The Jurassic (dinosaur) coast of Asturias: Part 1

The Jurassic Coast in northern Spain is located in Asturias between the autonomous communities of Galicia (to the west) and Cantabria (to the east). The Jurassic Period is the middle part of the Mesozoic Era, extending from ~200–145 million years ago. So we are going back in time more than 35 million years from the time period recorded in sediments of the Basque Geopark (previous two posts). Unlike the Geopark sequence that is more or less continuous through 60 m.y., these sedimentary rocks are discontinuous.

What to see and where to see it

This geology map of the eastern part of Asturias shows the Jurassic rocks in light blue. The Museo del Jurásico de Asturias (MUJA—located near Colunga on the map) has an excellent web site with instructions about where to go and what to see: The field guide referenced below also has useful information. We visited the following sites (from east to west): Ribadesella, Tereñes (between Ribadesella and Vega), Vega Beach (P Vega), Griega Beach (near Colunga), and Tazones.
Here is a view of Jurassic sedimentary rocks at Tereñes, between Ribadesella and Vega Beach (see map). There are not continuous cliff exposures like in the Basque Geopark, but this made some of the coastal locations easier to access. Like the Geopark, views are best during low tides. I choose a three-day period 2.5 weeks before our Geopark visit, another period of the month with a large tidal range. The photo demonstrates why this part of Spain is referred to as “Green Spain”.
This stratigraphic column shows the geologic units (formations—Fm.) that are visible along the Jurassic Coast. It is from the field guide referenced below. The column shows the types of sediments, the environments within which they were deposited, and the types of fossils that have been found. The most popular fossils are, of course, the dinosaur fossils that are primarily trace fossils—imprints of their footprints. In this post, we’ll look at the older (marine) part—Gijón and Rodiles Formations—and the transition to primarily non-marine environments (Vega Formation). In my next post, we’ll look at the upper non-marine and very shallow marine part where most of the dinosaur footprints are found—Tereñes and Lastres Formations.

Where was Spain during the Jurassic Period?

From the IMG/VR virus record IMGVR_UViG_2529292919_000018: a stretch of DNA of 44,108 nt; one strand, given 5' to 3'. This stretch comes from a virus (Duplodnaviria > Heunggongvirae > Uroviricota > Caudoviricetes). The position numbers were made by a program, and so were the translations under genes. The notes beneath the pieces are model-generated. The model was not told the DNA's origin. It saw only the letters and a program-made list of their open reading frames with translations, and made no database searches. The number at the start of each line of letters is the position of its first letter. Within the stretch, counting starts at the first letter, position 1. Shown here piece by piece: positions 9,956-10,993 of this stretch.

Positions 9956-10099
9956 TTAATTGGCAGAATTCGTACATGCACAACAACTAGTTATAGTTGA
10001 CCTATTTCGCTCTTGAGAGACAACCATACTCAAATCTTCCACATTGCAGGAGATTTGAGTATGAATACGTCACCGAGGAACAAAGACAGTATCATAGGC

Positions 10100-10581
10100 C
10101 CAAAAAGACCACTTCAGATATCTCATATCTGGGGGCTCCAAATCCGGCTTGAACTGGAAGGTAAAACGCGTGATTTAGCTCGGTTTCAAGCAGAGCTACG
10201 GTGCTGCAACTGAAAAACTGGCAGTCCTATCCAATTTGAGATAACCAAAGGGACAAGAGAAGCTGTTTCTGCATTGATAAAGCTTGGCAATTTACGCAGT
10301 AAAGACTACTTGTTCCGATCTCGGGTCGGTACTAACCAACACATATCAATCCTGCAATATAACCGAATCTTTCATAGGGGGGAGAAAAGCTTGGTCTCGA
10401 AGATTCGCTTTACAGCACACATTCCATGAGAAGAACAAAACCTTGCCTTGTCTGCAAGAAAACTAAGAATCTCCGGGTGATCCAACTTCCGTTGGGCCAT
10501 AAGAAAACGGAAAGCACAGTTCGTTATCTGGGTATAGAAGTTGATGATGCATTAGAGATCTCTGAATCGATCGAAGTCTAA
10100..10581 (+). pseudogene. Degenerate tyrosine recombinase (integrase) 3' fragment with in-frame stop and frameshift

This map shows the configuration of the continents during the Early Jurassic around 191–183 million years ago. This was the time when the continents were beginning to break apart, and the North Atlantic Ocean was beginning to open, following the collision that brought all of the continents together (Pangea) around 200 million years ago. Spain was then close to North America, as shown by the orange dot. The large ocean between Africa and Eurasia is the Tethys Ocean that closed as the Atlantic opened.

The marine Gijon and Rodiles Formations

We viewed the Gijón Formation at Vega Beach. It consists of limestones (left photo) that accumulated along a flat coastline that was oriented NW-SE. The water was up to 50 m (164 ft) deep and filled with a wide variety of organisms, including oysters that made reefs (upper-right photo). Organisms such as worms made tracks and trails in the sediment (lower-right photo). Bones of sea reptiles such as icthyosaurs and plesiosaurs have been recovered.

The museum (MUJA) has an image to show what the environment looked like at this time. The ocean was warm and shallow water inlets were salty because of the desert-latitude (around 30°) location. Lagunas salinas=salty lagoons. Costa baja e irregular=flat and irregular coast. Bancos submarinos=underwater barrier bars. Mar abierto y somero=open and shallow sea.
We viewed the Rodiles Formation at Vega Beach, where it overlies the Gijón Formation, and at Ribadesella. These rhythmic layers of limestone (light colored) and marl (dark colored—means limey mud) are typical of the Rodiles Formation.

Transition to a terrestrial environment

Take a look at the photo above of the cliff face at Vega Beach with Rodiles Formation layers. Maybe you can see some reddish layers at the distant end of this sequence. These layers mark the start of the Vega Formation that was deposited in rivers (also see stratigraphic column above). The Vega Formation marks a time when tectonic activity caused the land to be uplifted and the sea to withdraw. Uplifted older rocks were eroded and the eroded sediments flowed northeastward toward the sea. Because of the tectonic uplift, there is a significant time gap between the deposits of the Rodiles and Vega Formations.

The Vega Formation starts the part of the Jurassic Coast layers with extensive dinosaur footprints. My next post will illustrate why the Jurassic Coast is also called the Dinosaur Coast. Stay tuned!

The photo to the left is the footprint of a three-toed dinosaur, maybe an ornithopod.


García-Ramos et al., Austurian Jurassic Coast Field Trip Guide, 2008: International conference in Oviedo, Spain.

Posted in


  1. Lynn on October 12, 2023 at 1:19 am

    Hard to now imagine Spain was so close to North America!

    How many times have I seen white-ish squiggly lines in rocks (traveling through French and Spanish wine regions most recently). Perhaps they were root casts… can they be found in formations other than Vega?

    • Landscapes Revealed on October 12, 2023 at 9:07 am

      Sure, root casts can be found in any sediments formed in terrestrial environments. If the sediments are deposited in the ocean, though, the squiggly white lines would be animal borrows. Whether by plants or animals, we call it bioturbation! In either case, the layers get churned up by biological activity and sediments generally have a mottled coloration.

Subscribe to Blog

Enter your email address to subscribe to this blog and receive notifications of new posts by email.